Kudzu Reduces Alcohol Consumption

By Charlie Nardozzi

The "vine that ate the South" may have a positive side after all. Researchers at the McLean Hospital in Belmont, Massachusetts, investigated kudzu as a treatment to curb excessive drinking. Scientists knew kudzu was used in ancient China to decrease alcohol consumption, so they gave a specially prepared herbal extract containing kudzu to 14, 24-year-old men and women. After determining how much these young adults normally drank, the researchers gave half of the patients tablets containing kudzu, and the other half placebo tablets.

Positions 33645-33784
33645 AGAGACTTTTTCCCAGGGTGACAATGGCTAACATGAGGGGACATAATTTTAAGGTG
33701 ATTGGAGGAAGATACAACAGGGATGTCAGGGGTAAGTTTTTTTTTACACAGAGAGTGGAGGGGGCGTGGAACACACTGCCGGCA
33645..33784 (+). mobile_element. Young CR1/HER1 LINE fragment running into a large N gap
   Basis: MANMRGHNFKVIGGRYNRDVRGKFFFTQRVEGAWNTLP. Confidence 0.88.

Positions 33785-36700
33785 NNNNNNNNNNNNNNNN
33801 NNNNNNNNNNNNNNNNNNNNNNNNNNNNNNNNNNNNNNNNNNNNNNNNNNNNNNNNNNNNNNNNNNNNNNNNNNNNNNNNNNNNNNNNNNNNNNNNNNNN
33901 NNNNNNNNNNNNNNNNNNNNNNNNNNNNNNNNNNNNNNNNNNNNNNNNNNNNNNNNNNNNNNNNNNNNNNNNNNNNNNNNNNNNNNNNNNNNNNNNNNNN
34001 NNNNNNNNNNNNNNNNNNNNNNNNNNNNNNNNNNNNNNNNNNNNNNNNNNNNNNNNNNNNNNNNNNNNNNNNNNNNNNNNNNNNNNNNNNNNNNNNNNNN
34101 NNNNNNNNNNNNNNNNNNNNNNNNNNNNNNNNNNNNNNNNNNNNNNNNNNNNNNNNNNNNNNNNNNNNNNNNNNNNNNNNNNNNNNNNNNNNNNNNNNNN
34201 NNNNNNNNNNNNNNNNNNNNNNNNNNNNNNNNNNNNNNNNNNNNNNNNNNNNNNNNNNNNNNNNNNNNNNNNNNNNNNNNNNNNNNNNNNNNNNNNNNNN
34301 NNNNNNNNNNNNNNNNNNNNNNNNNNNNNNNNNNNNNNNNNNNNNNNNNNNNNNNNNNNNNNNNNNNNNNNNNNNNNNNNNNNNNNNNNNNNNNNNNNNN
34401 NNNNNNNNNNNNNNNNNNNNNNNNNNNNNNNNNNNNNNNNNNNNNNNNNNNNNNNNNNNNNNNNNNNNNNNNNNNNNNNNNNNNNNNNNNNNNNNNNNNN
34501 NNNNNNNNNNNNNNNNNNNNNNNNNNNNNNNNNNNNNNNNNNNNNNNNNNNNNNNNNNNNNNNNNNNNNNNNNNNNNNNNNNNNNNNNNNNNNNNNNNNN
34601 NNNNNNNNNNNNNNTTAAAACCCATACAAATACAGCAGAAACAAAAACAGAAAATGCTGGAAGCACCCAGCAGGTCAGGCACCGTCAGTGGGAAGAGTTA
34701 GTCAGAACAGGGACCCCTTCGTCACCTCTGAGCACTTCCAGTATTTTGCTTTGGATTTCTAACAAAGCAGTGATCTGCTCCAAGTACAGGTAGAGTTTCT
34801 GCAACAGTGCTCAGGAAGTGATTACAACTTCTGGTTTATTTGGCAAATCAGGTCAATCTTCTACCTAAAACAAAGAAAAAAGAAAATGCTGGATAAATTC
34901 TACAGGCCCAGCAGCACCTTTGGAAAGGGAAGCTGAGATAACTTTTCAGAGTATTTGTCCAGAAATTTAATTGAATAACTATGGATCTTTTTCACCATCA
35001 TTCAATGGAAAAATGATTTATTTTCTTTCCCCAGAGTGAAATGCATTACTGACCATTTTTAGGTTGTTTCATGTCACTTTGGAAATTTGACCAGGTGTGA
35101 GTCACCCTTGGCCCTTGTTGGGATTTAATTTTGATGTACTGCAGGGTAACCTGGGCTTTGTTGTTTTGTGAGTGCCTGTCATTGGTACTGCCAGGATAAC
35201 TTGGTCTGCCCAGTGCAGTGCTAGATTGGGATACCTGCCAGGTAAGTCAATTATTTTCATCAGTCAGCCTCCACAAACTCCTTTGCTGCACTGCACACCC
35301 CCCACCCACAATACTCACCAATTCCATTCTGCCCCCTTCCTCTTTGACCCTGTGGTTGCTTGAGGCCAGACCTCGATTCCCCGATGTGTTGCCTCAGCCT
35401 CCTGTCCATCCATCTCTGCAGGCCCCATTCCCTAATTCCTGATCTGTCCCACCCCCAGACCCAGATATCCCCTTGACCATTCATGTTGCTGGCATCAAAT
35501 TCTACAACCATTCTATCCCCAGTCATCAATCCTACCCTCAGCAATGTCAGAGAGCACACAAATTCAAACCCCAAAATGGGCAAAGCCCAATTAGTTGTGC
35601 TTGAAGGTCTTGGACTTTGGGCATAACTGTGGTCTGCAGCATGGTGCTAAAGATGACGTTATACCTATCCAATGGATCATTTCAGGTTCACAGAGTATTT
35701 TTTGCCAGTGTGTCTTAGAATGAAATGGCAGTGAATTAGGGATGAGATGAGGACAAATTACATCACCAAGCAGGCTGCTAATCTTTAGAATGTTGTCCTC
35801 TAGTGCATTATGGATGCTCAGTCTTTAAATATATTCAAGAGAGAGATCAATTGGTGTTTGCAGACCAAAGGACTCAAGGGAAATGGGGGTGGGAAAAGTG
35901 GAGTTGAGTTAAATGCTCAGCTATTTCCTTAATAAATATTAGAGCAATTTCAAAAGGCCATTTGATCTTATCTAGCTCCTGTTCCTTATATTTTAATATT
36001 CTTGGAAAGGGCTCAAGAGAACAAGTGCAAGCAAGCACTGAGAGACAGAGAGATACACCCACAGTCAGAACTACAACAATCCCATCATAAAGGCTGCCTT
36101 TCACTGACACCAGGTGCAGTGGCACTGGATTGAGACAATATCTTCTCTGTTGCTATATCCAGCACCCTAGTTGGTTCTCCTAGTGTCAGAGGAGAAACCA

Alcohol consumption was cut almost in half in the group that received the kudzu tablets. Another study at Harvard Medical School also suggests kudzu's potential for helping heavy drinkers reduce their craving for alcohol.

Unfortunately, commercial herbal preparations won't do the trick. They typically contain only 1 percent kudzu, while researchers in the McLean Hospital study manufactured a 30 to 40 percent kudzu extract for their test. Researchers suggest a drug containing kudzu may eventually be on the market to help alcoholics.

For more information on this research go to the Harvard University Gazette.

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